By virtually all accounts, the combined markets of virtual reality (VR) and augmented reality (AR) are expected to become massive. Estimates vary, of course, but most pundits expect the futuristic alternative-reality formats will become multibillion-dollar juggernauts in the coming years.
Now that Facebook's (NASDAQ:FB) Oculus Rift VR headset is available to the masses, and Microsoft's (NASDAQ:MSFT) AR wonder HoloLens is ready for developers to expand its already impressive capabilities in preparation for widespread production, the VR-AR war is officially on. Much of the hype surrounding VR -- and AR as it gets ready for the general public -- is being driven by gamers. No surprise there.
What may raise a few eyebrows, however, is a recent report that suggests gaming is just one piece of the alternative-reality pie. And should the forecast come to pass, it could prove to be a boon for Microsoft and its HoloLens AR.
The envelope, please
According to a recent study from Goldman Sachs, the combined AR and VR markets are expected to generate $80 billion in revenue by 2025. That's an impressive figure, but it's also somewhat conservative compared with others that suggest the two cutting-edge technologies will grow to become a $120 billion market in four years.
Either way, there's a lot at stake for the likes of Facebook and Microsoft, among others, and both recognize the world's gamers will get the VR-AR market off and running. When CEO Mark Zuckerberg announced Facebook's $2 billion deal for Oculus in March 2014, he said, "Immersive gaming will be the first, and Oculus already has big plans here that won't be changing and we hope to accelerate."
As for Microsoft's HoloLens, one of its early developers, who's no longer with Microsoft, recently admitted, "There is clearly a gaming potential there, but they [Microsoft] don't want to put this out there as an Xbox extension." Microsoft's reluctance to promote HoloLens as a gaming device, and Zuckerberg's assertion that Rift for gamers is "just the start," speak to the opportunity non-game-related applications represent.
As per Goldman Sachs' forecast, nearly half the VR-AR market -- both software and hardware -- will be derived from the "enterprise and public sector, with healthcare and engineering being the most promising areas of use." For example, of the $35 billion VR and AR software is predicted to generate by 2025, Goldman expects $16.1 billion will come from enterprise and public-sector customers, while consumers will drive $18.9 billion in software revenue.
The possibilities are endless
The potential of VR and AR for enterprise customers is also why some pundits expect it will be devices such as Microsoft's HoloLens that will ultimately win the day over the Rifts of the world. According to research from Digi-Capital, $90 billion of its forecasted $120 billion in total sales by 2020 will come from AR, while VR generates "just" $30 billion.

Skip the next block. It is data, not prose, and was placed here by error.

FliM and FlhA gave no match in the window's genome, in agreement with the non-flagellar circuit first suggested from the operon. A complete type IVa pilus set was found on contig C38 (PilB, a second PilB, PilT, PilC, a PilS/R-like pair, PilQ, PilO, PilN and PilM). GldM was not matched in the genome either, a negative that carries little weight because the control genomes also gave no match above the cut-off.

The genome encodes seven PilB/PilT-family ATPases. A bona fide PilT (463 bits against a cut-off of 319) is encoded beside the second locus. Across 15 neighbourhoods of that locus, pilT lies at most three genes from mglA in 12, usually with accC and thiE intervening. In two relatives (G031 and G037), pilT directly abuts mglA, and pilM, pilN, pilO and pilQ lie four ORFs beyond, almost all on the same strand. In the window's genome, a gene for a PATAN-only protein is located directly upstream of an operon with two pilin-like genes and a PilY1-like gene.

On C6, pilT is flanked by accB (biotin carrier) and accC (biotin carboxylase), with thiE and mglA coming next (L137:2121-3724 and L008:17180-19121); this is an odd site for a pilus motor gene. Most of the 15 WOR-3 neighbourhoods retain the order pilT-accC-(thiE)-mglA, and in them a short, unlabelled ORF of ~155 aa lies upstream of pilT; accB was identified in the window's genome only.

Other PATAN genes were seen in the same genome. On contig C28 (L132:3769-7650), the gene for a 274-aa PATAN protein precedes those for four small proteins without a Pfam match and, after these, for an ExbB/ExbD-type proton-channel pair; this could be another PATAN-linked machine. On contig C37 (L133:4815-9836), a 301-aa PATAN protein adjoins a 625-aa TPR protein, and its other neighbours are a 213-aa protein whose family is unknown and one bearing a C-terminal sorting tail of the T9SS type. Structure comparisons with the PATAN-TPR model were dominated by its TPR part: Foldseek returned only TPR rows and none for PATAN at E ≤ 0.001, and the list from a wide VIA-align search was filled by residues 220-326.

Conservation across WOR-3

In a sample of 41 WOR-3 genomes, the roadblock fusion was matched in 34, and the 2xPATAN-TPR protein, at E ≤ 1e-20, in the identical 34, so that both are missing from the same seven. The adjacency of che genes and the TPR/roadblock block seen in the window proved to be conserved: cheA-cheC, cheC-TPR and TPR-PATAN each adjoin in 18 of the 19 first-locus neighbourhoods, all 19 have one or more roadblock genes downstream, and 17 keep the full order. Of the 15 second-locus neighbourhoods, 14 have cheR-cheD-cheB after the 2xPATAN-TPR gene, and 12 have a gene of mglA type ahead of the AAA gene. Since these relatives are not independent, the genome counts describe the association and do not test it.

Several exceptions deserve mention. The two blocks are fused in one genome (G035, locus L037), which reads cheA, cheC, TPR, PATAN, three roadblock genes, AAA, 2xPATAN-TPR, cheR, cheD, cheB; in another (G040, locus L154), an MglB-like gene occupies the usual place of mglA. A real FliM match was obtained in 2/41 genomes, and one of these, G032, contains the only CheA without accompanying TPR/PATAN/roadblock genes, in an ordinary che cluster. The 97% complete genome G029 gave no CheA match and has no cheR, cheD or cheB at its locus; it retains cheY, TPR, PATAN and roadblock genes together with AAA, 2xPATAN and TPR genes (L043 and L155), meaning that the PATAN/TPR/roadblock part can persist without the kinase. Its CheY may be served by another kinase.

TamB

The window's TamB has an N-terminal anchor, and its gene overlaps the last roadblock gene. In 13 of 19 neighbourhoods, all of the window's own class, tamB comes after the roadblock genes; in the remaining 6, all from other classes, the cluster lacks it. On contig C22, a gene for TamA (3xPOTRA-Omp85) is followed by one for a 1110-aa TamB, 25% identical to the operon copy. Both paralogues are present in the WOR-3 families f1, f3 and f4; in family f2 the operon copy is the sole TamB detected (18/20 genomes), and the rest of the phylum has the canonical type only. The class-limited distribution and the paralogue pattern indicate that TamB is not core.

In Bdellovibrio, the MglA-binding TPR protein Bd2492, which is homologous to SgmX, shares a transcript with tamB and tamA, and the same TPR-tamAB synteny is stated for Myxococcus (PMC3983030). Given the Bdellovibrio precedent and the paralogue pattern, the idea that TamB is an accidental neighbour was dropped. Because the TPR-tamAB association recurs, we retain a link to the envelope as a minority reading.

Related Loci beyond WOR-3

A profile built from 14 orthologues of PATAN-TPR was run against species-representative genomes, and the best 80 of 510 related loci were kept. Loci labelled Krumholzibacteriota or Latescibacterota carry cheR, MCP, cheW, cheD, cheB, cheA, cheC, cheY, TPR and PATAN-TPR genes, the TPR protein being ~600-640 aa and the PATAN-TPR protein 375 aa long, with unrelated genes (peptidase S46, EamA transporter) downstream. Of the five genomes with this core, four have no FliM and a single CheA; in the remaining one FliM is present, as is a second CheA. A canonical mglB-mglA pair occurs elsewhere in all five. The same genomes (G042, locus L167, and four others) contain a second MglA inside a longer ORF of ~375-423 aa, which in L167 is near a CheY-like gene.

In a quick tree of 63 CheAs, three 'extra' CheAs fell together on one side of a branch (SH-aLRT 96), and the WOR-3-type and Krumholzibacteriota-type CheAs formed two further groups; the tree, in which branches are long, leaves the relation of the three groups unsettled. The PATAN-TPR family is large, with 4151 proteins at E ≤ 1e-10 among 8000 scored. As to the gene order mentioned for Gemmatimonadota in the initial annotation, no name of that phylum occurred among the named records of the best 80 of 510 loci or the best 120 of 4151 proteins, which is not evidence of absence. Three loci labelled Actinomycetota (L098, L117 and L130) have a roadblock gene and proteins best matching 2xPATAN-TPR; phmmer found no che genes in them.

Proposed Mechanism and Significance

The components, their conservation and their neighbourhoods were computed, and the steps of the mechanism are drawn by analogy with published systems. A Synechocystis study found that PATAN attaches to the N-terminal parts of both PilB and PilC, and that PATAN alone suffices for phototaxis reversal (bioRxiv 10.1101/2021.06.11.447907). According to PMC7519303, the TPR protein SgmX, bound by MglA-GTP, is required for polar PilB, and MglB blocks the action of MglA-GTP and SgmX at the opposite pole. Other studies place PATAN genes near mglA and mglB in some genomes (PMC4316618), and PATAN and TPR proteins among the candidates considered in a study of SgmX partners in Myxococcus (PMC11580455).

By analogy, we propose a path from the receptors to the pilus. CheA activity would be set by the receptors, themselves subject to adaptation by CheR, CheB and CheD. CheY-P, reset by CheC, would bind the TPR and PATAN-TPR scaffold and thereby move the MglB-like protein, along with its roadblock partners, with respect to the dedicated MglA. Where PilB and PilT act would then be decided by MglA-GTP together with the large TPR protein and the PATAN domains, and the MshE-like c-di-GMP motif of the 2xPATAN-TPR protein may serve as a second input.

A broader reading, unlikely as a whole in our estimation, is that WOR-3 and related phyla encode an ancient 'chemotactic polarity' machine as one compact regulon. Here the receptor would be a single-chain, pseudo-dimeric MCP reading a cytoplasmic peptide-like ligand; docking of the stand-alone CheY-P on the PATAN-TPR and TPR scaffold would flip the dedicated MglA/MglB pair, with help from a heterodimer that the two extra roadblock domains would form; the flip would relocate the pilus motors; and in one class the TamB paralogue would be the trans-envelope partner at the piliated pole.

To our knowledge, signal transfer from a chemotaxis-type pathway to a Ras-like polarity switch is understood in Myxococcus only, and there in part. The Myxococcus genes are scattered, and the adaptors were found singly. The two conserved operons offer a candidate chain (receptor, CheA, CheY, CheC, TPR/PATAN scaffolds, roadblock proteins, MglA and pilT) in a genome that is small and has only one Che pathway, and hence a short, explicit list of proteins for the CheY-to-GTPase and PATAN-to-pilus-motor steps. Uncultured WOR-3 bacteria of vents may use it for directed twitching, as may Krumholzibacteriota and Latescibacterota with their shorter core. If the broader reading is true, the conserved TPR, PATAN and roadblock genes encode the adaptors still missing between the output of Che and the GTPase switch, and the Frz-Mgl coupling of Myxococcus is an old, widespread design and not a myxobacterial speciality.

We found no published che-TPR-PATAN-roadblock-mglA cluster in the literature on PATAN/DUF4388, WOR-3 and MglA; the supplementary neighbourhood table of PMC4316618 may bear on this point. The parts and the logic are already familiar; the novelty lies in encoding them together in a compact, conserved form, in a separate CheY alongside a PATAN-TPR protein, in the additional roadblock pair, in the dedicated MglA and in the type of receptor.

It's not hard to imagine engineers, healthcare professionals, and educators around the world, among others, who will use AR to facilitate projects and communicate with cohorts, regardless of location. That's ideal for Microsoft, given its emphasis on building HoloLens for commercial use first and gaming second. Facebook's Rift, on the other hand, has taken a more traditional approach of gaming first, with the enterprise to follow. But as Zuckerberg made clear from the get-go, his plans for Oculus will take a similar path as HoloLens.
In fact, word has it Facebook is exploring AR even as it works to get its Rift VR headset off the ground. Developing solutions that address needs across both the VR and AR markets is clearly a no-brainer, given Goldman Sachs' assertion that enterprise customers will account for such a large part of the combined markets.
For now at least, the success of VR and the soon-to-be-released AR technologies lies in the hands of the world's gamers. But Microsoft and Facebook recognize there's a lot more than immersive games in the future of VR and AR. Dominating the commercial market will determine who wins the virtual war.
Tim Brugger has no position in any stocks mentioned. The Motley Fool owns shares of and recommends Facebook. The Motley Fool recommends Microsoft. Try any of our Foolish newsletter services free for 30 days. We Fools may not all hold the same opinions, but we all believe that considering a diverse range of insights makes us better investors. The Motley Fool has a disclosure policy.